Distribution of Asbestos
Geographical Distribution on Earth
In its natural state, asbestos occurs throughout much of the planet: indeed, it is found in two-thirds of the rocks in the earth's crust. The following discussion concentrates on the places where asbestos had or still have industrial and economical importance.
The greatest percentage of asbestos mined is chrysotile, which is found over most of the world's crust, the amphiboles, including the rest five of asbestos, are distributed much less widely, being confined mainly to relatively small deposits in South Africa, China and Australia.
Corcidolite, or "blue" asbestos has been mined only from Northwest Cape, Transvaal and Paakkila mines in Cape Province South Africa, Western Australia and Bolivia. Only the South African mines are still active.
In addition to its crocidolite mines, clay deposits containing naturally occurring crocidolite are also found in two areas of China where residents using the crocidolite clay extensively in their homes for making stoves, bricks and tiles have high rate of asbestos related health problems.
In Western Australia, the amphiboles occur as major components of the "greenstone belts" where most of the State's major gold and nickel deposits are found and in the banded iron formations of the Hamersley.
It's believed that the process that concentrates most iron and nickel into viable ore deposits alters asbestos into harmless secondary minerals, such as talc, chlorate, clay, iron oxides and hydroxides and various silica species. The small and isolated pockets of more intact occurrences scatter among the altered mineral deposits and form the basis of the blue asbestos mining industry at Wittenoom, which was one of the major world sources of crocidolite. Crocidolite was commercially mined and milled at Wittenoom Gorge from 1943 to 1966.
Qu��bec where the world's largest asbestos mines, where chrysotile, or "white" asbestos is mined. It used to supply the U.S. with 90% of its asbestos demand. Chrysotile is still being mined, primarily in Canada, Africa, and the former Soviet Republic.
Asbestos in the United States
Asbestos has been identified in 20 States (see figure) and mined in 17 States over the past 100 years. It is found in many common rocks. Serpentinite, the most widely occurring host rock for chrysotile, is present throughout the Appalachians, Cascades, Coast Ranges of California and Oregon, and other mountain belts.
In general, chrysotile and amphibole asbestos varieties occur in areas where the original rock, under elevated temperatures and pressures, has been changed by heated fluids (a process referred to as metamorphism). This type of altered rock occurs predominantly along the eastern seaboard from Alabama to Vermont, along the western seaboard from California to Washington, and in the upper Midwest in Minnesota and Michigan. Small occurrences of asbestos are in other areas, such as Arizona, Idaho, and Montana.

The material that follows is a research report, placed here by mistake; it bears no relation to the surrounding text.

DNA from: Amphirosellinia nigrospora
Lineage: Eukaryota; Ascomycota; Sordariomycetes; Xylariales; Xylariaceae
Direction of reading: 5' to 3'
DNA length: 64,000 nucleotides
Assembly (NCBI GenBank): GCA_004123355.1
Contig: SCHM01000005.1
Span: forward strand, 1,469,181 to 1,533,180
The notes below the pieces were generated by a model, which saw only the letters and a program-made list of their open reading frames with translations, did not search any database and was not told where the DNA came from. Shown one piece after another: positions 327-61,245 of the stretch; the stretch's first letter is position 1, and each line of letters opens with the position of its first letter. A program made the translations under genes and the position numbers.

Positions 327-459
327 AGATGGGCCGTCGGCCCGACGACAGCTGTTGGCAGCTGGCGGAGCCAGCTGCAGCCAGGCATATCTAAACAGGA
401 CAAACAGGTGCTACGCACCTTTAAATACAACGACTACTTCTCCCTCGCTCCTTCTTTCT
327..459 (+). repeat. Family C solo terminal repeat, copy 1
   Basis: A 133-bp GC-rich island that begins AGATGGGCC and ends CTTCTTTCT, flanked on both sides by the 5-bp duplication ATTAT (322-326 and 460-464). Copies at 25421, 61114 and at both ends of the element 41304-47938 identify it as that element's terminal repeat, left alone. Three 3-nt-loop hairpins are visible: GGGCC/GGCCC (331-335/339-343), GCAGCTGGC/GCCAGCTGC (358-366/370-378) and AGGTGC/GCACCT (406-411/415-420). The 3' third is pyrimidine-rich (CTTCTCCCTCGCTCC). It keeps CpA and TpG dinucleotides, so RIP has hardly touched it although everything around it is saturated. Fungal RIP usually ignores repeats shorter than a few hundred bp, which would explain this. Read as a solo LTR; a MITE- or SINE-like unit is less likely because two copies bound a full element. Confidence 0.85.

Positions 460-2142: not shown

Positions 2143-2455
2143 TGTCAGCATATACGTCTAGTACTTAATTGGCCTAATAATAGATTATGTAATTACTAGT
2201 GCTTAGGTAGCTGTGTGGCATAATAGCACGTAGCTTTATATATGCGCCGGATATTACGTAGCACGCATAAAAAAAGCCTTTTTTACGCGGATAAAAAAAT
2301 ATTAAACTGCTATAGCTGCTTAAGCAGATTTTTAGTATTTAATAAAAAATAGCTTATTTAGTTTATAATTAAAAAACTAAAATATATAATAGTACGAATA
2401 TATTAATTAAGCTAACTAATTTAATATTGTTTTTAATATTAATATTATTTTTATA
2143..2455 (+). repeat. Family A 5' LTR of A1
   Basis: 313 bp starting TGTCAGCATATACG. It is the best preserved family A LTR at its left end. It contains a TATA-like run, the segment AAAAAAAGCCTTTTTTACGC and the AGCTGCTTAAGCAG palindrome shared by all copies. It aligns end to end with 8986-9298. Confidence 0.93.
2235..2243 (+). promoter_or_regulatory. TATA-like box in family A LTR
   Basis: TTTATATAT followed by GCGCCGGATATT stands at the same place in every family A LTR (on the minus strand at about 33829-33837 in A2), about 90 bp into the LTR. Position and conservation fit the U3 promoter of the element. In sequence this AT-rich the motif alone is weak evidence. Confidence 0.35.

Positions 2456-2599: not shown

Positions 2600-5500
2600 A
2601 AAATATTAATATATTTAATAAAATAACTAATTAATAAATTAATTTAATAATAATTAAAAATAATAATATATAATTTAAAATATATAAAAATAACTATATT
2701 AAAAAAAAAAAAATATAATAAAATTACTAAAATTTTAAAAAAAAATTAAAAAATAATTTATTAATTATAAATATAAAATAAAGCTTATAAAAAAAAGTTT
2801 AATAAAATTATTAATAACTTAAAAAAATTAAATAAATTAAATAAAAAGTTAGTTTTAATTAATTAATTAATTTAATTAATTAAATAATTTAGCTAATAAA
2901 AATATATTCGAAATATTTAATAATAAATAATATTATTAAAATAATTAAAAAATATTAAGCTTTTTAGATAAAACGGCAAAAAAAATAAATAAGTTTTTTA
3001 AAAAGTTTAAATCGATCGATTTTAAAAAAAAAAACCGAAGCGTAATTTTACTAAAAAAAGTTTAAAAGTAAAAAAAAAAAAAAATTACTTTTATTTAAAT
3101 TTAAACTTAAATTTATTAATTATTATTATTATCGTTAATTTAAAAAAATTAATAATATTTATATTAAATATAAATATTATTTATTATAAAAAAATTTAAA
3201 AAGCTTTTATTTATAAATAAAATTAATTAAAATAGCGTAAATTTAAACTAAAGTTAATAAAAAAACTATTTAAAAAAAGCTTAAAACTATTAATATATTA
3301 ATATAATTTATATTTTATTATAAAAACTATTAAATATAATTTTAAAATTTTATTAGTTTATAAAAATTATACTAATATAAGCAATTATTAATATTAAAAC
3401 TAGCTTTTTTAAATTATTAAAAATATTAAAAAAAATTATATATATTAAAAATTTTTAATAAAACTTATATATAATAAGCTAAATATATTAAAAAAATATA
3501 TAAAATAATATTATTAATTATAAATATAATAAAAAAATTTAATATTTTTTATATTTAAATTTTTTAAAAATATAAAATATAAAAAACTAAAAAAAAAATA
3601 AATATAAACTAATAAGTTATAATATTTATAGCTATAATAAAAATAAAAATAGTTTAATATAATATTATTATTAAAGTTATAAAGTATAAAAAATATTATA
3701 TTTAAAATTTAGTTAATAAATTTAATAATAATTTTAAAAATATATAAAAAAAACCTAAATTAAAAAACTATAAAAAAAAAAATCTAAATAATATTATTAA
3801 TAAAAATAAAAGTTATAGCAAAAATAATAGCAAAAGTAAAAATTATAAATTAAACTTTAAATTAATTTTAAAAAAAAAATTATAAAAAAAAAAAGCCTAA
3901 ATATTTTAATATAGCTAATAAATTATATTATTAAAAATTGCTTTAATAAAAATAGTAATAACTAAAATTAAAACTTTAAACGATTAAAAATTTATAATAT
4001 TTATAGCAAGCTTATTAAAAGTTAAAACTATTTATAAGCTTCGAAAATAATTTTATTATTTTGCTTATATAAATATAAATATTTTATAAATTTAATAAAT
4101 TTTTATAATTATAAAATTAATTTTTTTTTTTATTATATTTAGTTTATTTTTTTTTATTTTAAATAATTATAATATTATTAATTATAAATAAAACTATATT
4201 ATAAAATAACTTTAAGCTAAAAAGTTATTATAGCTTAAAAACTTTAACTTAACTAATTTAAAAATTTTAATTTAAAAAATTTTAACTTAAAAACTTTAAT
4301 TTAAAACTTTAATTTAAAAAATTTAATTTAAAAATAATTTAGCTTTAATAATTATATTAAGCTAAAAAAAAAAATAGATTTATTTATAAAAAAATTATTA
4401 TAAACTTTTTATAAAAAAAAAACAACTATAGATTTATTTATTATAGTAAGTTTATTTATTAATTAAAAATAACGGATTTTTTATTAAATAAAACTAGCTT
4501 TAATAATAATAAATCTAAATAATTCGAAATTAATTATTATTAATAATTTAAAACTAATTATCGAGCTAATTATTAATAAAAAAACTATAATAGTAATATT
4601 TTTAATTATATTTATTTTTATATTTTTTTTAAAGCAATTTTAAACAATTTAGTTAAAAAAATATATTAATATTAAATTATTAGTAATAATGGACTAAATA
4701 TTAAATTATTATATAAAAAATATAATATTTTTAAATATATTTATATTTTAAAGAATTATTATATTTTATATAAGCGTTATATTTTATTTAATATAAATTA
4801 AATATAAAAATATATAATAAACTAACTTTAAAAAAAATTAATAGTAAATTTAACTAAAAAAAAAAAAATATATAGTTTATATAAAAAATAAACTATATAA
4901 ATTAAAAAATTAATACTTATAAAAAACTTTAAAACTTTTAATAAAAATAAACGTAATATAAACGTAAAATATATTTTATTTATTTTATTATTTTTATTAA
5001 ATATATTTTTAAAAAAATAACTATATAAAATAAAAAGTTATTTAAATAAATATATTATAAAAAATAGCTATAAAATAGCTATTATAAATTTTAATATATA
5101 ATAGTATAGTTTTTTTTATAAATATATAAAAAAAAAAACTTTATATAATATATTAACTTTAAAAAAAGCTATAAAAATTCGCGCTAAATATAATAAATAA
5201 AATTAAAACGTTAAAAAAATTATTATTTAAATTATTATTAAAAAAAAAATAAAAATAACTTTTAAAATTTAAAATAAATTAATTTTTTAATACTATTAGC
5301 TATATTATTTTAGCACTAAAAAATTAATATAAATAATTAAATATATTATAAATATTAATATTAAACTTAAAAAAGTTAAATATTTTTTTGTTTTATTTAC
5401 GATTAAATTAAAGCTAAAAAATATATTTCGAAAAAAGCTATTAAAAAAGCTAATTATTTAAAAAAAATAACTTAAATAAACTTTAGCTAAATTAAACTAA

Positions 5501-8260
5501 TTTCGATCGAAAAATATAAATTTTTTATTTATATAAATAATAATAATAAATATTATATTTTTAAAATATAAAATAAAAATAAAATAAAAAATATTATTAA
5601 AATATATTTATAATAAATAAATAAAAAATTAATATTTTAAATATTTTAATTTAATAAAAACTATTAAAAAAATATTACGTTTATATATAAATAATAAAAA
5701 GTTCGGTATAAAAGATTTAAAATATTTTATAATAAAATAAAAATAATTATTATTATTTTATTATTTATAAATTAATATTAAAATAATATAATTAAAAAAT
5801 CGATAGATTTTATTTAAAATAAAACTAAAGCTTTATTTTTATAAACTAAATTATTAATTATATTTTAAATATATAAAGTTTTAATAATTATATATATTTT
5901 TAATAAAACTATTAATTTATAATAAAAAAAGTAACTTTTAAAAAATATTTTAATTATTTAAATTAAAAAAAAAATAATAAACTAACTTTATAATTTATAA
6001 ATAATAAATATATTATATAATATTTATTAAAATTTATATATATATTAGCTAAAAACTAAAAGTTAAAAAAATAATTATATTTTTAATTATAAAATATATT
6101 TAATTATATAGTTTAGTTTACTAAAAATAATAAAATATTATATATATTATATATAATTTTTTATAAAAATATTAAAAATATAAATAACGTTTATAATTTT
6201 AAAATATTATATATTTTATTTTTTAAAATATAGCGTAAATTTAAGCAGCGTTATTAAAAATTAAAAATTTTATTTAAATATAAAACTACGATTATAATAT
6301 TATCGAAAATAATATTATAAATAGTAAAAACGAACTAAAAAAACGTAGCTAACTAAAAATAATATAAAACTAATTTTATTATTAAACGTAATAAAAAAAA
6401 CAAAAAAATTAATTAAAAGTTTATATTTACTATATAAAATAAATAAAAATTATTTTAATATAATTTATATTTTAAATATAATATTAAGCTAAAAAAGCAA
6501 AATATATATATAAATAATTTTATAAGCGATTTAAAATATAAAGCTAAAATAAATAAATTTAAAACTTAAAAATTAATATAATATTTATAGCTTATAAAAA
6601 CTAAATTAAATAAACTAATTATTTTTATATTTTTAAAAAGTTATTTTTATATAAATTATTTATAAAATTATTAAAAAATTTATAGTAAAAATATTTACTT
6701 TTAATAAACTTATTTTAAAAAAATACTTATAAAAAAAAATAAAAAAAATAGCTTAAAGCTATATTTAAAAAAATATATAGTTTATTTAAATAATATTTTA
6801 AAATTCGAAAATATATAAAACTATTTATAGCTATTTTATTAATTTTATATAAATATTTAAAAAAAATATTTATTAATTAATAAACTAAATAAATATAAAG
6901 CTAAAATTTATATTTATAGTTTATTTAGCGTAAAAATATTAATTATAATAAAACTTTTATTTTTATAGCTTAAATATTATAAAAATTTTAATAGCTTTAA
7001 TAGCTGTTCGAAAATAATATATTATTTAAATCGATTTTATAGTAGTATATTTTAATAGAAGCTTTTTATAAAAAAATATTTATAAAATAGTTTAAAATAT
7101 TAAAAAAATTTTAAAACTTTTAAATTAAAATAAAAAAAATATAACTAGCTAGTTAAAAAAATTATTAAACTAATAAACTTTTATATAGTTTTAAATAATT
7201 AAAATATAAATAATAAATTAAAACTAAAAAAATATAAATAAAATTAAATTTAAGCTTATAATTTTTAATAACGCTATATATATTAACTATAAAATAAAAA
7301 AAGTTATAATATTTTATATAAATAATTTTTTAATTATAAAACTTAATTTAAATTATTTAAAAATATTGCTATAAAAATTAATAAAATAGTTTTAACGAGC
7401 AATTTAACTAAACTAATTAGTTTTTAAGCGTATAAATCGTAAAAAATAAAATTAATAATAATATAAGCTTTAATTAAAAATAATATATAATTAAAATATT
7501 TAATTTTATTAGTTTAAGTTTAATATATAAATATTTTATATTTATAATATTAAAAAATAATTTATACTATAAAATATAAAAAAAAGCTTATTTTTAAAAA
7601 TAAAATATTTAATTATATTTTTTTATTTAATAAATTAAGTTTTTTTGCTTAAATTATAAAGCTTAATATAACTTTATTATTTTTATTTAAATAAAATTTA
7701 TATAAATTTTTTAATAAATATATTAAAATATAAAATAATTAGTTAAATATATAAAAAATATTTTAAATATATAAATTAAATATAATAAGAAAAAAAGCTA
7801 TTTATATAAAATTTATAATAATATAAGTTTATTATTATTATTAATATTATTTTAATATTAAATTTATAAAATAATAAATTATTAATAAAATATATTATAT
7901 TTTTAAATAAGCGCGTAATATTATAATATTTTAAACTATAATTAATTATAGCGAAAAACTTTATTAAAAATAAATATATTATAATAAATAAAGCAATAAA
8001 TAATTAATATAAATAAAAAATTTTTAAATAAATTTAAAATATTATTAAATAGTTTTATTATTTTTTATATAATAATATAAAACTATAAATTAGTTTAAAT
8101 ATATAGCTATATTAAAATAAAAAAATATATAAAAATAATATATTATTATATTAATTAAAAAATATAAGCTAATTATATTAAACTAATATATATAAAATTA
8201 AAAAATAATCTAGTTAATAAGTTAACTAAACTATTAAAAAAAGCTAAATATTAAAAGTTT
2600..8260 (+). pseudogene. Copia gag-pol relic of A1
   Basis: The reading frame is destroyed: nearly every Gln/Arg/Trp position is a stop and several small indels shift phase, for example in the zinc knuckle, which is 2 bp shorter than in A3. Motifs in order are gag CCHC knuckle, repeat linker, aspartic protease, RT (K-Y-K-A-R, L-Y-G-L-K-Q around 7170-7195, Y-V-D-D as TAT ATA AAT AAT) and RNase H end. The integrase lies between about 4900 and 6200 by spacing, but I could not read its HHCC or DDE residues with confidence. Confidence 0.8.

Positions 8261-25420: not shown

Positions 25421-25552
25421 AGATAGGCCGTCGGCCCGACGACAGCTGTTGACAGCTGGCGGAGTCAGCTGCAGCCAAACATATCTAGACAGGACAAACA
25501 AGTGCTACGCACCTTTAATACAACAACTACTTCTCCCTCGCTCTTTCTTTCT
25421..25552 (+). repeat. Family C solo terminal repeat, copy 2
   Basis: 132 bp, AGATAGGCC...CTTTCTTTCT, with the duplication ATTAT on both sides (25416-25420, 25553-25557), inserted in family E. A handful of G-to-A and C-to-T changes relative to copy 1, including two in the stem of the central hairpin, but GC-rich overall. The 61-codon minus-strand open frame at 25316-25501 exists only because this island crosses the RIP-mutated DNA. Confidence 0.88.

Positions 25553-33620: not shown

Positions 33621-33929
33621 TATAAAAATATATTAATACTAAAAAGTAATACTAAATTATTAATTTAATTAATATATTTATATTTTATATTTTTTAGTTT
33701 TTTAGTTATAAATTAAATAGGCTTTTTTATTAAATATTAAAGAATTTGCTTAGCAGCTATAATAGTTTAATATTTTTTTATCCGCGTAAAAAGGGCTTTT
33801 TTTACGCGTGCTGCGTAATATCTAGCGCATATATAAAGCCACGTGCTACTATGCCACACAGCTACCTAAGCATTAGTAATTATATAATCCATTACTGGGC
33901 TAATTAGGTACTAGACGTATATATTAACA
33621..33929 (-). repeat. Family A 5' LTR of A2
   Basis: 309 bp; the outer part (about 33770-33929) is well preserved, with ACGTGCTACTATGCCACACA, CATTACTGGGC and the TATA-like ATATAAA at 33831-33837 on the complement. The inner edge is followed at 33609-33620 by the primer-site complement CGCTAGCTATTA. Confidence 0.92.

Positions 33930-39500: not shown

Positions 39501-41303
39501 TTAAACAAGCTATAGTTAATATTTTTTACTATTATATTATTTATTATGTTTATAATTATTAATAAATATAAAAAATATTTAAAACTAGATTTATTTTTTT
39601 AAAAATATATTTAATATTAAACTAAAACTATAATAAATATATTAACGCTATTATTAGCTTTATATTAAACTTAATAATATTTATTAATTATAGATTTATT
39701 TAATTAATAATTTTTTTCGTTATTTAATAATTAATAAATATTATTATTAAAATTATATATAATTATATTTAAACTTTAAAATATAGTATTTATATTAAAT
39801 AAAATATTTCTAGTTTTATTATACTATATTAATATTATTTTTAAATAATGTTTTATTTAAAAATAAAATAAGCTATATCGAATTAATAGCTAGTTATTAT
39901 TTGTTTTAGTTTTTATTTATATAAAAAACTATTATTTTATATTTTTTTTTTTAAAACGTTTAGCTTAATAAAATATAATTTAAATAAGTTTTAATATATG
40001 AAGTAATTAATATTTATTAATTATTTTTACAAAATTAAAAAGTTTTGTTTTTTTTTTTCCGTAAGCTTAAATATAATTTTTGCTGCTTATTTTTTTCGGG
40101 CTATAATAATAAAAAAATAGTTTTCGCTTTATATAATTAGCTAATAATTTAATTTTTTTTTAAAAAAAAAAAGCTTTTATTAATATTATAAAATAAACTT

Although asbestos can be present in most of the metamorphic rocks described above, the bulk of the rock mass does not contain asbestos. In fact, most commercial asbestos deposits contain less than 6 percent asbestos by volume. Only a few deposits contain 50 percent or more asbestos (such as chrysotile deposits near Coalinga, Calif.).
The NOA Problem
Naturally Occurring Asbestos, or NOA, has been a problem in California, because asbestos fibers occur naturally in the soil associated with ultramafic rock formations in 44 of California's 58 counties. The worst areas include the Coastal Ranges, the
Klamath Mountains, and Sierra foothills, where NOA is commonly exposed near faults.
Type of Occurrence
Most common type of chrysotile deposit grow with the fibers at right angles to the walls of cracks (cross-vein) in massive serpentine formations. In some occurrences, the relative motions (slipping) of blocks in the host rock, during or after fiber growth, lead to veins in which the fibers are inclined or parallel to the vein axes (slip fibers). In still other local conditions, dispersed aggregates of fibers are found with no preferential orientation but with high fiber content, up to 50% of the surrounding rocks. These are called mass-fiber deposits.
The Amphiboles occur as small and isolated pockets, irregular veins in the more metamorphism-altered rock formations.
Relative Abundance of Asbestos
Chrysotile is more abundant than amphiboles. It occurs in two thirds of the Earth��s crust.
As a matter of fact, figures show that between 90% and 95% of all asbestos found in buildings and other commercial products that contain asbestos is of the Chrysotile variety.
The amphiboles are found in limited areas, mainly in parts of Australia, Africa, China and Parts of former Soviet Union.
Asbestos in Building Materials
Asphalt Floor Tile
Ceiling Tiles and Lay-in Panels
Construction Mastics (floor tile, carpet, ceiling tile, etc.)
Ductwork Flexible Fabric Connections
Electrical Panel Partitions
Elevator Brake Shoes
Elevator Equipment Panels
Heating and Electrical Ducts
High Temperature Gaskets
HVAC Duct Insulation
Laboratory Hoods/Table Tops
Packing Materials (forwall/floor penetrations)
Pipe Insulation (corrugated air-cell block)
Taping Compounds (thermal)
Thermal Paper Products
Vinyl Floor Tile
Vinyl Sheet Flooring
Vinyl Wall Coverings